The technical director
(TD) is responsible for overseeing everything technical to do with a show. That sounds
very daunting, and it is a challenge, but it’s also very rewarding. It’s normal for the TD to be responsible for building the set, and for other crew
members to deal with the other aspects (sound
, etc.) - the TD needs to make sure that it is all coordinated though. The TD will also be in charge of running the get-in
. Health and Safety is an important part of the job, to make sure no accidents happen to you, your crew
or anyone else – in some venues you will required to fill in a risk assessment.
The best way to get into TDing is probably to help build some sets and turn up to some get-ins to learn from those experienced, then try TDing a small show. If you’d like to learn in a more detailed way, many TDs will be happy to take on an Assistant TD on that basis - contact them if you'd be interested in that.
What does the Technical Director do?
One of the first jobs of the Technical Director
is often to help with the selection of the rest of the technical team
. Alongside the Director and Producer, it will often be the TD who has a say in the appointment of the Lighting Designer, Sound Designer and Set Designer. As it will be the TD's job to co-ordinate the rest of the technical team
, it is important that crew
are appointed who the TD will work well with.
For some shows, the TD will have a large say in the production design
. For others, the the Technical Director
will be presented with a design
, either on paper or in the form of a model. This entirely depends on the rest of the production team, whether there has been a designer appointed, or whether the director
is designing the set with the TD. At this point, the TD should work out what materials (wood, metal etc for set construction, other hired materials such as decking) will be needed to make the set work. First of all these materials should be budgeted for, and then ordered when given the go-ahead from the show producer
or society treasurer.
It is important for the TD to familiarise himself or herself with the rules imposed by the society or venue in dealing with outside suppliers. Often they will require evidence that you have approcached several different companies for the same material, to make sure that you have got a competitive quote. As a general guideline, materials for set construction should be ordered 10-14 days before your show is due to go up, and other hired materials should be ordered about 7 days before. If you've forgotten something and its later than that, don't panic - companies are often very good at despatching goods at short notice if the order is time-sensitive!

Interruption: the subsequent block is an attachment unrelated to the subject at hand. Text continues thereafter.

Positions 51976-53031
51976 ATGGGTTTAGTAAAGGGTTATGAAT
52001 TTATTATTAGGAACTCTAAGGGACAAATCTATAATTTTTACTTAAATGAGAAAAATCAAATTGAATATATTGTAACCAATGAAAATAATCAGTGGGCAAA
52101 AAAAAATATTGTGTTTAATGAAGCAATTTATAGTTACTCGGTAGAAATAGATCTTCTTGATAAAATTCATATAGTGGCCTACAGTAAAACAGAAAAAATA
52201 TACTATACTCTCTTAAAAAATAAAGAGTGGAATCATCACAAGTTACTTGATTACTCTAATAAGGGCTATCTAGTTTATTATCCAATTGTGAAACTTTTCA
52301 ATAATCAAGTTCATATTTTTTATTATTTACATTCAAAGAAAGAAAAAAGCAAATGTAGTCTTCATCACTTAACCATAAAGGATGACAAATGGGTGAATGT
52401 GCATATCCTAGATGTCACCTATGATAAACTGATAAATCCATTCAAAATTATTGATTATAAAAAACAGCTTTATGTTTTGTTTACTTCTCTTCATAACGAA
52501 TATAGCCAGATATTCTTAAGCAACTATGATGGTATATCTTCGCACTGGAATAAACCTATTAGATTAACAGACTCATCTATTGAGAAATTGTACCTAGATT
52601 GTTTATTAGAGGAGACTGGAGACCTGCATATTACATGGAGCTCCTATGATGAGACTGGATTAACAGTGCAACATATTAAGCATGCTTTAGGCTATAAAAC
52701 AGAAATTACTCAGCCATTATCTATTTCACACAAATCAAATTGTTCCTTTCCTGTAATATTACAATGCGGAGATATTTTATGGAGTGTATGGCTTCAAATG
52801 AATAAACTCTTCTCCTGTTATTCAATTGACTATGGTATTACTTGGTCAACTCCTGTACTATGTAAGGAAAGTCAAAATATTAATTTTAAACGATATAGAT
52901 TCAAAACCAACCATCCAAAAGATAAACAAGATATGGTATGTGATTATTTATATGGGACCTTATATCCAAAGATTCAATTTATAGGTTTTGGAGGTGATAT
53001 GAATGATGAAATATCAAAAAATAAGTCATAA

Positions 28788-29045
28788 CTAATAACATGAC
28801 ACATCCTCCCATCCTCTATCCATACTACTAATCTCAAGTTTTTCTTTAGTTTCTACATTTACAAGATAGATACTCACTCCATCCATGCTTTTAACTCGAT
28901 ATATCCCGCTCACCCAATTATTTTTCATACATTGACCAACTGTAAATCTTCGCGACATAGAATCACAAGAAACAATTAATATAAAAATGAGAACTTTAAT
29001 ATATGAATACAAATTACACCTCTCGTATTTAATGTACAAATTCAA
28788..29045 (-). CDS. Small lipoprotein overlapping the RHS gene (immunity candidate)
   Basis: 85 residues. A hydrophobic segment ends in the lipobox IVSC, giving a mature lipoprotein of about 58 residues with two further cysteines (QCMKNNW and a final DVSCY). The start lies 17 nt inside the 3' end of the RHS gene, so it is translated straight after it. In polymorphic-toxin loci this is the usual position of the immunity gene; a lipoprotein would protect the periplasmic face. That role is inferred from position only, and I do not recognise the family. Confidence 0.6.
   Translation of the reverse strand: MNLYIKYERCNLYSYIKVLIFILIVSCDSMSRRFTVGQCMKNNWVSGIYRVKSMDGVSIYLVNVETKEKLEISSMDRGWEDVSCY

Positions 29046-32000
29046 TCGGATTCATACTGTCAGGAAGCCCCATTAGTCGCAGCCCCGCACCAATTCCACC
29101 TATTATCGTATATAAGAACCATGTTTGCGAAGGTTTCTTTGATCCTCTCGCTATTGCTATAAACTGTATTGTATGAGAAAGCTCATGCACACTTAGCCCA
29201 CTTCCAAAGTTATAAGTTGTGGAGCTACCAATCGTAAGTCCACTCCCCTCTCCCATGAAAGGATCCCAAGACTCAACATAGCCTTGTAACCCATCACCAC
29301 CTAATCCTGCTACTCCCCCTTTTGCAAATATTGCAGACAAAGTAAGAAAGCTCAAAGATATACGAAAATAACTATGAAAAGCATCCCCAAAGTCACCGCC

It is the TD's job to co-ordinate the get-in
schedule, both with the rest of his or her technical team
, and the venue. This will almost certainly involve writing a get-in
plan (with allocated stage time for lights, set and sound
), but may also require him or her to complete a risk assessment or other health and safety document with the theatre. Often the TD will end up building the set, but it is important that they do not lose contact with the rest of the production team in the run up to the get-in
weekend. The TD should also be aware of other rules imposed by the venue with regard to get-ins and get-outs. For example, what time is the building open/closed? who is responsible for health and safety? does the crew
need any particular training/guidance? Time and people management is crucial at this stage to ensure everyone is ready for what is often a frenetic get-in
period. The most important thing at this stage is never to panic, and never be afraid to ask for advice!
TDing a show can be a lot of work - but it can also be incredibly rewarding. It's a great chance to work with directors
and designers and see your work (often the result of many hours of blood, sweat and tears) on the stage for everyone to see!
Note: Technical Director while a standard role in Cambridge, is not in general use elsewhere. The Technical Director role as Cambridge uses it combines several elements of other roles. It is closest to Production Manager, but includes responsibilities traditionally associated with the Stage Manager, Master Carpenter etc.. This division of labour works well in the Cambridge theatre environment, and so persists, with (as is appropriate) a dedicated title.
Last edited Wed 28th Mar 2007 by Will Wykeham
back to backstage